Russia’s energy minister hopes gas dispute between Russia, Belarus will be settled soonBusiness & Economy February 28, 12:16
Foreign Ministry says Russia open to discussion on strategic issues with USRussian Politics & Diplomacy February 28, 12:06
Diplomat says Russia not holding any talks with US on criteria to lift sanctionsRussian Politics & Diplomacy February 28, 11:55
Russian diplomat says messages Trump sends in address to Congress important for MoscowRussian Politics & Diplomacy February 28, 11:48
Construction cost of Moscow - Kazan high speed railway currently estimated at $22.4 blnBusiness & Economy February 28, 11:38
Russian ice hockey legend Vladimir Petrov passes away at 69Sport February 28, 11:34
Russian rocket-system maker produces drone enclosed in missileMilitary & Defense February 28, 11:09
Ombudsman slams Amnesty International's conclusions on Russia as ‘far-fetched’Russian Politics & Diplomacy February 28, 9:52
Thousands of people resettle from Arctic to warmer Russian regionsBusiness & Economy February 28, 8:21
Aleksandr Ignatenko, President of the Institute of Religion and Politics, told Itar-Tass that the IS group also poses a threat to other countries of the region - Iran, Lebanon, Saudi Arabia.
“The Islamic State intends to expand in various directions. The fact that Saudi Arabia is currently reinforcing is border with Iraq, shows that the Saudis take the threat emanating from the Islamic State very seriously. In addition, Saudi Arabia has recently provided one billion U.S. dollars for the strengthening of the Lebanese army, so that it could resist the Islamic State, which is expanding towards the Mediterranean coast,” he said.Ignatenko has named two reasons for the IS militants’ successes, which largely contributed to their quick establishment of control over a considerable part of Iraq. “The first is that the nucleus of this group is comprised not of Arabs, but of mujahidins from 80 countries, including France, the UK, Germany, let alone such countries as Morocco, Saudi Arabia and Libya, who arrived in Iraq and Syria. There are very many such mujahidins - thousands and maybe tens of thousands,” he said. “The most important thing is that they have no ties whatsoever with the countries where they fight. Unlike, for example, Kurds, who are tied to the zone of their settlement and fight well in the territory of Kurdistan, but cannot fight in the Shiite region in the south of Iraq. The Shiites, for their part, can more or less successfully resist the Islamic State in the south of Iraq or in Karbala or Najaf, but are totally unfit for action in the north of Iraq.”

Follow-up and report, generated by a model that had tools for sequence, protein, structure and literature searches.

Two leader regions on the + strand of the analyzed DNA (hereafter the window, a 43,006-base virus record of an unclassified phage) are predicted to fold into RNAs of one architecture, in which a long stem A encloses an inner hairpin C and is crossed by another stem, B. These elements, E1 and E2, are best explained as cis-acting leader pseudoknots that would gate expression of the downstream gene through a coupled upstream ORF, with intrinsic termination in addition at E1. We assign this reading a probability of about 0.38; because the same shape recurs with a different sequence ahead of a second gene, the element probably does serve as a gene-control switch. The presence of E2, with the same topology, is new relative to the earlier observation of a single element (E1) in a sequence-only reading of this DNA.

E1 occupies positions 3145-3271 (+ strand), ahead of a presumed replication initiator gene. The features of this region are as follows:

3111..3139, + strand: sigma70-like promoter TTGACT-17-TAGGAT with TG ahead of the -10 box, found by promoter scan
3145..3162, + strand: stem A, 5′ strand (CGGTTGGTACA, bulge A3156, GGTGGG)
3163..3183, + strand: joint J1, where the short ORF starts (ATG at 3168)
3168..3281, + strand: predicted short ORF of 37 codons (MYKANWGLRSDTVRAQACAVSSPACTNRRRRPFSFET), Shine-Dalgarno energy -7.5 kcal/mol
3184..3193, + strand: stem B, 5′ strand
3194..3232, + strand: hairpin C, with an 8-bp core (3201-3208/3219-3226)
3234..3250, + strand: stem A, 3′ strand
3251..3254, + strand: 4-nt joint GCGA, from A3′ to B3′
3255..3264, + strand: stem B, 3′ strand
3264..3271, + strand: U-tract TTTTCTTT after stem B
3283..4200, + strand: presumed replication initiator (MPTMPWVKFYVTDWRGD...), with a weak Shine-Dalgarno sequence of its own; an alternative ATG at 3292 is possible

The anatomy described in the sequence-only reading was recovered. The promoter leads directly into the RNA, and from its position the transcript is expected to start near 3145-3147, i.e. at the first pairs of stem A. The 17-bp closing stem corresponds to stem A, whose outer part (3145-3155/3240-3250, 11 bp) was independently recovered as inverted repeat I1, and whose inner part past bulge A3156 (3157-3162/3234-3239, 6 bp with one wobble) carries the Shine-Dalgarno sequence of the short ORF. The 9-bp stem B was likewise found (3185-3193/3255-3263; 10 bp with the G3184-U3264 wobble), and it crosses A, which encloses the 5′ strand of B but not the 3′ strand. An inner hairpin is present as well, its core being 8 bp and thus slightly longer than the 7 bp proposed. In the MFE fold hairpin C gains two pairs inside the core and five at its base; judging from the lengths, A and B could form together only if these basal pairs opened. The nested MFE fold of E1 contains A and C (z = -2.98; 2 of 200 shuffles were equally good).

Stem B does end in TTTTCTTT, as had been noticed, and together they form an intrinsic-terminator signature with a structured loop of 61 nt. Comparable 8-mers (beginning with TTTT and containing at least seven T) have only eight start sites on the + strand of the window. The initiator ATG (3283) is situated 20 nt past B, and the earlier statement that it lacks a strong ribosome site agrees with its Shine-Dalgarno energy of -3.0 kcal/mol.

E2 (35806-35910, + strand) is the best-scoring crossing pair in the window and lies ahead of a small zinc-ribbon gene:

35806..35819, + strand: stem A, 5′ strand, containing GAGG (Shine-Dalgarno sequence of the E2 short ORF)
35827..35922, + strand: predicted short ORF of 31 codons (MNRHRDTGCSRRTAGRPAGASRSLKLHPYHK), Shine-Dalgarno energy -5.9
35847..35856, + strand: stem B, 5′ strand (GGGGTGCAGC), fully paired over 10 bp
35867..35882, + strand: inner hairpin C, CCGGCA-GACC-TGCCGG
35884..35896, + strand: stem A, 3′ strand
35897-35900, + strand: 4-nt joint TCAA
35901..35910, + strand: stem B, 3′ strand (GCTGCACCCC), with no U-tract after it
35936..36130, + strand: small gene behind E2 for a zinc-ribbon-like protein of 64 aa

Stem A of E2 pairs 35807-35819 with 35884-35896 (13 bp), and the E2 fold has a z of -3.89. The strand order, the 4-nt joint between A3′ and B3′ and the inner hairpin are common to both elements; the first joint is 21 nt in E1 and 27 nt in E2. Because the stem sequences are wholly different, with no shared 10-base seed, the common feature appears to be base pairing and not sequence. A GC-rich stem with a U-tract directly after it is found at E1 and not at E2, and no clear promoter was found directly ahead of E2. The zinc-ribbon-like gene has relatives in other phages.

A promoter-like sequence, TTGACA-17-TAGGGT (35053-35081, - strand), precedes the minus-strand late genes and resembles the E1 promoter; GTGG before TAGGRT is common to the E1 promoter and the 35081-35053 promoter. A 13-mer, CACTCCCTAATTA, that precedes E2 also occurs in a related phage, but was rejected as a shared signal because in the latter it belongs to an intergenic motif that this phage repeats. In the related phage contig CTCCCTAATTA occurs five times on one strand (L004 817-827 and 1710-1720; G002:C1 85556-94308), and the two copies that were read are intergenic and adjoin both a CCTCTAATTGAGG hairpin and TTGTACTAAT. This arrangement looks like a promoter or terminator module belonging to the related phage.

“The second reason for the Islamic State success is that IS gunmen are monstrously cruel. IS gunmen have been practicing cutting off the heads of captured enemy fighters, recently using not knives, but chainsaws. The Islamists use these atrocities for their propaganda, posting the head-cutting photos and videos online and thus causing panic among the Iraqi regular army soldiers and Kurds from the Peshmerga militia,” the expert said. “For example, they have seized Mosul without a single shot. The Iraqi military, stationed there, simply ran away, because they had been gripped by panic in advance.